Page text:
Traditional Values Conflicted with a Modern Era in the Roaring Twenties

738 WordsFeb 22, 20183 Pages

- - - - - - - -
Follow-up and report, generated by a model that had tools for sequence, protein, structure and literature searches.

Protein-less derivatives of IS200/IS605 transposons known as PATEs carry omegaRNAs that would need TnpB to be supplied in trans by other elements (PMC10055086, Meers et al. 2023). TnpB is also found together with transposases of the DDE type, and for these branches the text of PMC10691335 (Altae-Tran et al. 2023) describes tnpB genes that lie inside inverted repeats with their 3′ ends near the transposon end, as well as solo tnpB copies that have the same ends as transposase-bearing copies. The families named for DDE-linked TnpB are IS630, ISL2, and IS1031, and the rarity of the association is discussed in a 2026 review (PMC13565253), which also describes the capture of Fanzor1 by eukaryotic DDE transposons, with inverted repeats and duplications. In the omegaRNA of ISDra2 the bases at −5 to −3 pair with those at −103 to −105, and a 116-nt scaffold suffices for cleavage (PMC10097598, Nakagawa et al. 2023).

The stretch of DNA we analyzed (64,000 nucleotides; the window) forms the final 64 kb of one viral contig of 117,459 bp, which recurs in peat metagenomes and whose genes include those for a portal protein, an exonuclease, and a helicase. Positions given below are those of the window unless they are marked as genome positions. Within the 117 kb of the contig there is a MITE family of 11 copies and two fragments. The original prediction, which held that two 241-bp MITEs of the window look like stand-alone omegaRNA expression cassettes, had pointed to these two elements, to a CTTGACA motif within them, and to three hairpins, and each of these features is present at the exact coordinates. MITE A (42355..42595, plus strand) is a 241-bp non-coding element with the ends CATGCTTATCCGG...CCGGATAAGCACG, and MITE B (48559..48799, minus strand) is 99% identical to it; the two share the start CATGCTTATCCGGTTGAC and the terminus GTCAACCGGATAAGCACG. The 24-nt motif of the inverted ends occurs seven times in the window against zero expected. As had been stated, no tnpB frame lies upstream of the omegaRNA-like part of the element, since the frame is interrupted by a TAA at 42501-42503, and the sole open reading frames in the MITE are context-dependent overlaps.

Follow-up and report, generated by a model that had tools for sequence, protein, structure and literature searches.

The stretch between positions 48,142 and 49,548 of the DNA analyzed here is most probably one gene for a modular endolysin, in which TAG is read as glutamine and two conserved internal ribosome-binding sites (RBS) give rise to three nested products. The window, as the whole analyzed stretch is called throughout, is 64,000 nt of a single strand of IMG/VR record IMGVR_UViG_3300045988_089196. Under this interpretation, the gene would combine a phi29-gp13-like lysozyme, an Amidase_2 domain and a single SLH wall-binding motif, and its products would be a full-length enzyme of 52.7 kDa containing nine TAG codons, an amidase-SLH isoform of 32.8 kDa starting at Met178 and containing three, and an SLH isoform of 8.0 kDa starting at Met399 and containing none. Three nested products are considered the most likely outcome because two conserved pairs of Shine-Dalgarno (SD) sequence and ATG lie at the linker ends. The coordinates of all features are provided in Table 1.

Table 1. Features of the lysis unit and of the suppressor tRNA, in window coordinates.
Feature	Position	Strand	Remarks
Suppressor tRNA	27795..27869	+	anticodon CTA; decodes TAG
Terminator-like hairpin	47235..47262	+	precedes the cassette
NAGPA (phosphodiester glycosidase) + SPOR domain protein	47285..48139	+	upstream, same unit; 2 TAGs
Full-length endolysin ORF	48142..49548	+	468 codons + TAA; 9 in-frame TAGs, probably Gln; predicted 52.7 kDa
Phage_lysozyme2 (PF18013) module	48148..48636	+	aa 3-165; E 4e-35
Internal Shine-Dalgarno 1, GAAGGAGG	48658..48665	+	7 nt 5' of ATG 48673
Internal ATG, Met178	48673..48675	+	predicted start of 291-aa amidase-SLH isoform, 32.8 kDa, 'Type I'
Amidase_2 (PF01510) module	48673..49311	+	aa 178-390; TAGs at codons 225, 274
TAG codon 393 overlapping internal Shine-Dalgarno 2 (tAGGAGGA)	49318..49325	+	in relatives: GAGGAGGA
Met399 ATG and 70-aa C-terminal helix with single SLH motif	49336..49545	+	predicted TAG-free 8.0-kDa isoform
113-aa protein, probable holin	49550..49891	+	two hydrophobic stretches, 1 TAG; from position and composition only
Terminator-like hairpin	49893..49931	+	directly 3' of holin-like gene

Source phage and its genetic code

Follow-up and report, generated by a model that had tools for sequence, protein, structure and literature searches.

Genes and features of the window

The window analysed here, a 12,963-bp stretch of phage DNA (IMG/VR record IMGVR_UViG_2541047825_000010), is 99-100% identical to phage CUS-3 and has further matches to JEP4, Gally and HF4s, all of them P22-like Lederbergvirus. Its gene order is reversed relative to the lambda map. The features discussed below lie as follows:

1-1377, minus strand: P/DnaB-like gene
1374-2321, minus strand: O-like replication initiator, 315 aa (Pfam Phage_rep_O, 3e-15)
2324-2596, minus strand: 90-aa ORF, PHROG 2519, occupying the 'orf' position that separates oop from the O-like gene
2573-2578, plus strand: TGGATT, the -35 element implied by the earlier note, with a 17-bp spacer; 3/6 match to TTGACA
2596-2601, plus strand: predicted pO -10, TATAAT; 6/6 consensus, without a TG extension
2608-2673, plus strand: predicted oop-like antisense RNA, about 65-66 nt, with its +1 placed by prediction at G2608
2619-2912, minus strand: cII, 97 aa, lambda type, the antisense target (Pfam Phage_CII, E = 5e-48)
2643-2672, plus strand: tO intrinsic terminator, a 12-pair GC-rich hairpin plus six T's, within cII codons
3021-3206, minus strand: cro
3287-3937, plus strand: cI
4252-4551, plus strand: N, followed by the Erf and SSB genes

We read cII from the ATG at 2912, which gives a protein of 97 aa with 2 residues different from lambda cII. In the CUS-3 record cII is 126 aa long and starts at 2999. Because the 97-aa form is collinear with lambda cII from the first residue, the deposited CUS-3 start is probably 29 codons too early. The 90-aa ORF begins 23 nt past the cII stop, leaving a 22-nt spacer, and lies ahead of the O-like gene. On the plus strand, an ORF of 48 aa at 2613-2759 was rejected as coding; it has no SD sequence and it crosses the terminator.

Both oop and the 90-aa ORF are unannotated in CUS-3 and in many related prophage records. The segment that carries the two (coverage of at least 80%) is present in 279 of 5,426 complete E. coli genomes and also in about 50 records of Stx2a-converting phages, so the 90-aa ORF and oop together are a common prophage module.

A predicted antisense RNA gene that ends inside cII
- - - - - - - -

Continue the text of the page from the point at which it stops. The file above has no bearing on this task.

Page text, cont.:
The 1920s was a decade of exhilarating societal changes and reflective cultural conflicts in the nation. For many Americans, the expansion of cities ignited the ascend of a consumer culture, the upsurge of mass entertainment, changes in the religious and moral climate, the boiling tensions of the black racial movement and the changing role of women in society. The United States was going through a cultural civil war where traditional values conflicted with an era of modernity. Mass culture and entertainment growth had a profound and often controversial impact on the nation in the 1920s. As the United States became urbanized, we became a mass-production/mass-consumption economy. This fueled better wages for the urban worker and more wealth for the investors, but not everyone benefited as the agricultural arena continued to decline and rural farmers suffered tragic losses. With better wages, the middle class consumer was able to purchase more modern conveniences such as washing machines, refrigerators and other appliances that made everyday living easier. But without doubt, one of the biggest impacts was the advent of the mass production of the automobile. Mass production made the automobile more affordable and many middleclass families could afford to own one. As more families could travel by automobile for vacations and entertainment, the need for service stations and roadside restaurants increased, as did the need for better highways. Americans were looking for more ways

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